Ten heifers were out of the pasture, and these two senior citizens were trying their hand at corralling, but without success. There was one good thing about it, all ten “girls” stayed in a tight-knit bunch and didn’t spread. One of the numerous times when they bolted and ran, John threw the prod at them, hitting a white heifer on the back causing her to put on a show kicking up her heels and bucking. He said, I’ll go to the house and get my rifle and we’ll have steak for supper – I bet I can catch them that way!”
I had never given praying for help a thought and to say the area is isolated is an understatement – we were on the backside of nowhere and nobody was there. But then it happened – I saw these two enclosed tractors coming toward us as though thy sensed our dilemma. They were moving very slowly and to this tired old gal looked like monsters from another planet – or at least dinosaurs of old. I’ve never been so glad to see another human in my life – in this case it was TWO other humans.
The smaller of the machines hurried to head off the wayward herd, but when he blew his horn, they were more frightened than ever and what I saw looked like the back end of a small herd of buffalo going across the prairie. As I talked with the driver of the largest tractor, he told me they were just leaving following a bad situation, too. The small tractor had been stuck and the large one came to pull him out and they were going home via a new route. Thank goodness they were!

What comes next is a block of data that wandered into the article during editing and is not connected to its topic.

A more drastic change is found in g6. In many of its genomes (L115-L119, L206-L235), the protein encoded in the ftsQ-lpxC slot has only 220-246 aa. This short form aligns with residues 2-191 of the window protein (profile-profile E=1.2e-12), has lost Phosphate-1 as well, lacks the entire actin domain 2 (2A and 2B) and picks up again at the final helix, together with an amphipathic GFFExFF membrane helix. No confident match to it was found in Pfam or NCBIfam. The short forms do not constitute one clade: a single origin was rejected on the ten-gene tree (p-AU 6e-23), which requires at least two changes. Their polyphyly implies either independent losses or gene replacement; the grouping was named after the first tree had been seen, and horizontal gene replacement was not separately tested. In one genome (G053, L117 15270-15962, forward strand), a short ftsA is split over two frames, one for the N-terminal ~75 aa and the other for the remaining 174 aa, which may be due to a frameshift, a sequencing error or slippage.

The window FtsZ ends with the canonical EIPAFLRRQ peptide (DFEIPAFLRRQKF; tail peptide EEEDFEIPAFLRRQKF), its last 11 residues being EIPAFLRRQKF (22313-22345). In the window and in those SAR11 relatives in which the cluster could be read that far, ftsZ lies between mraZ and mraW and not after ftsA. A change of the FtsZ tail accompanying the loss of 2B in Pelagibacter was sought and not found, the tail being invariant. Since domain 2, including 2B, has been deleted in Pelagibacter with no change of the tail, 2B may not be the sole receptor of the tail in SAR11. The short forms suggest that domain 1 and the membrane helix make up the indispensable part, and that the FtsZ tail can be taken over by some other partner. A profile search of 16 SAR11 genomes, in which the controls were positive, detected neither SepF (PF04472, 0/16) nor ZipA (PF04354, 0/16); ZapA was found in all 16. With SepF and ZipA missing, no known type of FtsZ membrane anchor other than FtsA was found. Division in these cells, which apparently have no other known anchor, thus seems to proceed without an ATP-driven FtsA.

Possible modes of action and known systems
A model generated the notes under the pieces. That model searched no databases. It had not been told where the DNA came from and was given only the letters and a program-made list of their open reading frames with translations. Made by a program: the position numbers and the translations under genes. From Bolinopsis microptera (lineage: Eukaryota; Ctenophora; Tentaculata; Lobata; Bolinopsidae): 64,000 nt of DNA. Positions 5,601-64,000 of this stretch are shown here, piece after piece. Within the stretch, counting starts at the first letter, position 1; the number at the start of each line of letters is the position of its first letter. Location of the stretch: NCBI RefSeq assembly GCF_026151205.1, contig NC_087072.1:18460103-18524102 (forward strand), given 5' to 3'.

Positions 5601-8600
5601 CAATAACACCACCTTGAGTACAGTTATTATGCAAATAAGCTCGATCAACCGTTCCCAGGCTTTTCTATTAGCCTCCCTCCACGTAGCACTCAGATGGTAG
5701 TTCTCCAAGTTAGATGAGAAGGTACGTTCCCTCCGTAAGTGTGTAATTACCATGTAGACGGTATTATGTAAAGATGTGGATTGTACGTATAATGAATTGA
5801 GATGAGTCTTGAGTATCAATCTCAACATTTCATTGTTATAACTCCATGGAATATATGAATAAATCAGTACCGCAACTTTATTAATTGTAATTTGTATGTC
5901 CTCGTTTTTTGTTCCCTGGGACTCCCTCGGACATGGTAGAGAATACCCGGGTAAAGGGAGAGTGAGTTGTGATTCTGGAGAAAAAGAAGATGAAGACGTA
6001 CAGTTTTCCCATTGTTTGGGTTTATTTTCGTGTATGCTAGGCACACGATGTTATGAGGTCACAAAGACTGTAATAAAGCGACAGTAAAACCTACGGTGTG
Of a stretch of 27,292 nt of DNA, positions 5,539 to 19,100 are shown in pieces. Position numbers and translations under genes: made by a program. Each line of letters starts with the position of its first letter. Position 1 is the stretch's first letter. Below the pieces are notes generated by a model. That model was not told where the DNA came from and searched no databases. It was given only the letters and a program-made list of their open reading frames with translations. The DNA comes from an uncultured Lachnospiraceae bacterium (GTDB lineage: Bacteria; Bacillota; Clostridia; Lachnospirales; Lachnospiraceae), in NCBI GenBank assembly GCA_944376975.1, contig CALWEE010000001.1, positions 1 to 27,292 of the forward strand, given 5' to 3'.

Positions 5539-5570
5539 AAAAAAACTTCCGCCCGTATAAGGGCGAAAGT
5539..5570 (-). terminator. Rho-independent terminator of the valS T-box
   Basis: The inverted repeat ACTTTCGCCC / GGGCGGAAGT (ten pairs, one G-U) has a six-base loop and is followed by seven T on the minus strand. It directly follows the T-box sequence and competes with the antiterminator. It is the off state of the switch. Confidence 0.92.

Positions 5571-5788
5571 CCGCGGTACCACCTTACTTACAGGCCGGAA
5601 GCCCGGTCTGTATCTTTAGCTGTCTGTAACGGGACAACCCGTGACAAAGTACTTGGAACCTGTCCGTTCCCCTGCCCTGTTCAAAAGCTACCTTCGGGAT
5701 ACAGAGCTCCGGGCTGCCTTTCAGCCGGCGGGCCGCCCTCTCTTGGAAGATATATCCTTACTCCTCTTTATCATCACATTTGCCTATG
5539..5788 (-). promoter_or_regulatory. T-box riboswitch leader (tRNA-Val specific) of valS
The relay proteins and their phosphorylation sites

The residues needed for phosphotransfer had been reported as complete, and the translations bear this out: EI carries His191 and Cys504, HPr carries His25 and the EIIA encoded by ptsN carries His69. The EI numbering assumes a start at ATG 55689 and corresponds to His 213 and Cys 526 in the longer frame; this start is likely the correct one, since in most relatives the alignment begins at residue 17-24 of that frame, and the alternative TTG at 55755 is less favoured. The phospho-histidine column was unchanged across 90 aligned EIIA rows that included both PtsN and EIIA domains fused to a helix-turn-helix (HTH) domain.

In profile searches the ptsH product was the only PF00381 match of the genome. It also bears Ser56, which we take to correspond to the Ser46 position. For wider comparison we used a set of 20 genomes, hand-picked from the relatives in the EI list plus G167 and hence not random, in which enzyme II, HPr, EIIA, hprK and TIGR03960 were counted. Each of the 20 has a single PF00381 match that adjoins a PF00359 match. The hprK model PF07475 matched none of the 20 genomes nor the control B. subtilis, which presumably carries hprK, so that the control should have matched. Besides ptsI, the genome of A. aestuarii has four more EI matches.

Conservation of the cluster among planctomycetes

Finally, in the distance I could see the herd going down the road toward the house, but I was two fields away and could never get to the gate in time to open it. Here’s where the driver of the large tractor took over – he ran to manage the gate, while the small tractor helped with the herding. There is seldom any traffic on this little dirt road, but call it fate or the Hand of God, or whatever, about this time and from the other direction, a neighbor drove up and helped with gates and the finalizing of the corralling episode.
By this time I had started my final walk toward the house and was grateful for the “cut” fence so I could enter there and have better walking conditions. With aching knees, I huffed and puffed my way back to the yard wondering in what condition I would find the cake still in the oven. As I entered the yard, John said, “Where did you leave the truck?” I had forgotten the truck and he had to hitch a ride with the neighbor so he could drive the truck back to the house.
As I took the cake from the oven, John informed me he was going to make fence repairs and at the same time the chicken litter trucks arrived to start spreading that odorous fertilizer over the pastures. That’s another thing about which I can be thankful – I didn’t have to walk through fresh chicken manure. It’s not all it’s cracked up to be – this matter of country living.